Image source: Omron

First results from large-scale MIPACT Apple Watch health study are in

First results from MIPAC provide insights into the health status of thousands of people. Information for the study was collected from more than 6,500 participants each wearing an Apple Watch. We now have the preliminary analysis of the first three months of data.

It should be emphasised that these are only the first results. The full study that is being conducted by MIPACT (Michigan Predictive Activity & Clinical Trajectories) in collaboration with Apple and will last for three years.


Early results from the MIPACT study

As originally published in The Lancet Digital Health (via M Health Lab), the three months of the study captures data from some 6,454 individuals. Some 54% of these were women and 46% men. Around 10% of participants had diabetes and a third had hypertension.

The participants wore the Apple Watch (Series 3 and 4) for an average of nearly 16 hours per day. This is for days that they wore the timepiece, which typically was 9 days out of 10. Data collected included steps and other activity, sleep, along with heart rate and more. The information was combined with blood pressure readings taken by using an Omron Evolv cuff. Both the Apple Watch and Omron cuff are considered to be very accurate.

Essential readingTop fitness trackers and health gadgets

Wearable device data for diverse populations are scarce. What distinguishes this study from other similar ones is the large sample size and wealth of information collected. The analysis is more encompassing as it captures health data from underrepresented age groups, races, ethnicities and underlying health conditions. In total, some 200 million heart rate measurements were collected during the three month period, along with 1.1 million blood pressure readings.


So what does the data show?

The mean systolic blood pressure reported was 122 mm Hg and diastolic 77 mm Hg. Some 15% of systolic blood pressure measurements topped 140mm Hg or diastolic topped 90 mm Hg. Either of these is an indicator of elevated blood pressure. As far as the mean resting heart rate – that totalled 64 beats per minute. Where does your resting heart rate rank?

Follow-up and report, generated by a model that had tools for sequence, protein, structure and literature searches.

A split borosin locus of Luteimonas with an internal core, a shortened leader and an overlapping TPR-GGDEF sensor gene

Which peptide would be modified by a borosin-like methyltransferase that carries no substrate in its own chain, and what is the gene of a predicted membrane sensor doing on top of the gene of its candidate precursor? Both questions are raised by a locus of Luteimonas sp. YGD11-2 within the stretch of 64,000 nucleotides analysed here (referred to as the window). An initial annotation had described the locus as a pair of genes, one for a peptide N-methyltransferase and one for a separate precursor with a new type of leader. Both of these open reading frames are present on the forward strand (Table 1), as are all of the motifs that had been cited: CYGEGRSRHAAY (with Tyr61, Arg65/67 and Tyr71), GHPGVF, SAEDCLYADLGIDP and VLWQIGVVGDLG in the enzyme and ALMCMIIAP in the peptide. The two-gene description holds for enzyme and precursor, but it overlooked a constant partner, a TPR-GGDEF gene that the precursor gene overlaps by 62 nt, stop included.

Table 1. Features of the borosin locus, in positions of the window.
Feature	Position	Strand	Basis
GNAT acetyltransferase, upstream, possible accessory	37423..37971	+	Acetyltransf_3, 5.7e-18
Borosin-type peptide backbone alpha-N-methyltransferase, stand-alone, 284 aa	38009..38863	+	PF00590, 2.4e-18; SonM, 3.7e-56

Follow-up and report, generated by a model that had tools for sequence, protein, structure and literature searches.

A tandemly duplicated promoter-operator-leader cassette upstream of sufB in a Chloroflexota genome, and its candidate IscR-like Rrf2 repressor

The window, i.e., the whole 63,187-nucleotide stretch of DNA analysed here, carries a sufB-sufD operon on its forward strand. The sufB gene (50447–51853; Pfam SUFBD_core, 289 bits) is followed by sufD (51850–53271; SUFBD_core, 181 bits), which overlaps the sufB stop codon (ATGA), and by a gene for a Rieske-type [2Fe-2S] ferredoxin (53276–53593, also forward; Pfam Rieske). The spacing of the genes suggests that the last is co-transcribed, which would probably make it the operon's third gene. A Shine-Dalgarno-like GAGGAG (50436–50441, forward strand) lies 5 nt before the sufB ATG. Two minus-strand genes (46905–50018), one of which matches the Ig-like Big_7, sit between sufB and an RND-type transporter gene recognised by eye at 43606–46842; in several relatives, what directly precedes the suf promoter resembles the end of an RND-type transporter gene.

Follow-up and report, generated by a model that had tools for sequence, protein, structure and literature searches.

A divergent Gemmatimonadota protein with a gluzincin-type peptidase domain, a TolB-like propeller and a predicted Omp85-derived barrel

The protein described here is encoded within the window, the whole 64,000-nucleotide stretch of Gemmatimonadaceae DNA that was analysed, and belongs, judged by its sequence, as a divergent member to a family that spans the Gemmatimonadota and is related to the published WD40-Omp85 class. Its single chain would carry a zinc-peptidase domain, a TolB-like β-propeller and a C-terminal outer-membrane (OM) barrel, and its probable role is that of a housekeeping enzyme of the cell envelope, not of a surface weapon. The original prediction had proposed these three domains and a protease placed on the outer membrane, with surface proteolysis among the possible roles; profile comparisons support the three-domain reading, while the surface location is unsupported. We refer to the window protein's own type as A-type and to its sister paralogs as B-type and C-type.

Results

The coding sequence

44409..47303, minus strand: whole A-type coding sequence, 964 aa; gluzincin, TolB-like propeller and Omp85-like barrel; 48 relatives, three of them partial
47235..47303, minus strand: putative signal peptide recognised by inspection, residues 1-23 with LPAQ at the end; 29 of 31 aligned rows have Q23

Of course, the results varied based on sex, age, race, and ethnicity. On average, higher blood pressure was reported by the male population. However, female participants had 3 beats per minute higher resting heart rates and 5 beats per minute higher walking heart rates. Interestingly, lower resting and walking heart rates were reported by participants over 65.

By race, Black participants had the highest heart rates, Asian were in the middle and White had the lowest. Activity levels also varied by race. These differences represent an important finding which could help clinicians in their line of work.

High step count

Those participating in the study averaged just over 7,500 steps per day which equates to a distance of around 6km. That finding sounds a bit odd considering the average step count in the US is far below that – probably about a half. So it seems the sample population in this study is more health-aware than the typical person.

The reasons for this are unclear. Perhaps an effect of knowing you are being observed in a research study. It could also be an effect of the way participants were enrolled. They were all recruited from a single academic centre in Michigan and they all needed to own an iPhone. Which leads to the conclusion that this is a more affluent, educated group than the average.

Unsurprisingly, the study also notes that there is a discrepancy between the step counts reported by wearable devices and smartphones. The latter tend to underestimate the metric.


More results to come

As mentioned, these are only the first results. Much more data is to come and doctors will look to contextualize info gathered from the Apple Watch and Omron cuff with electronic medical records and survey data. The hope is that the ultimate results of the study will be important for health-care interventions.

Pretty frequently, I get asked by my patients what their wearable device data means, and it’s really challenging to understand its implications for their long-term health,” said Jessica Golbus, M.D., of University of Michigan Health’s Division of Cardiovascular Medicine, and co-investigator on the study.

She notes that the three-year follow-up period will be most informative as they seek to contextualize the data signals from the Apple Watch with information from participants’ electronic medical records and survey data.

If you are interested, you can read detailed results of the MIPACT study on this link.

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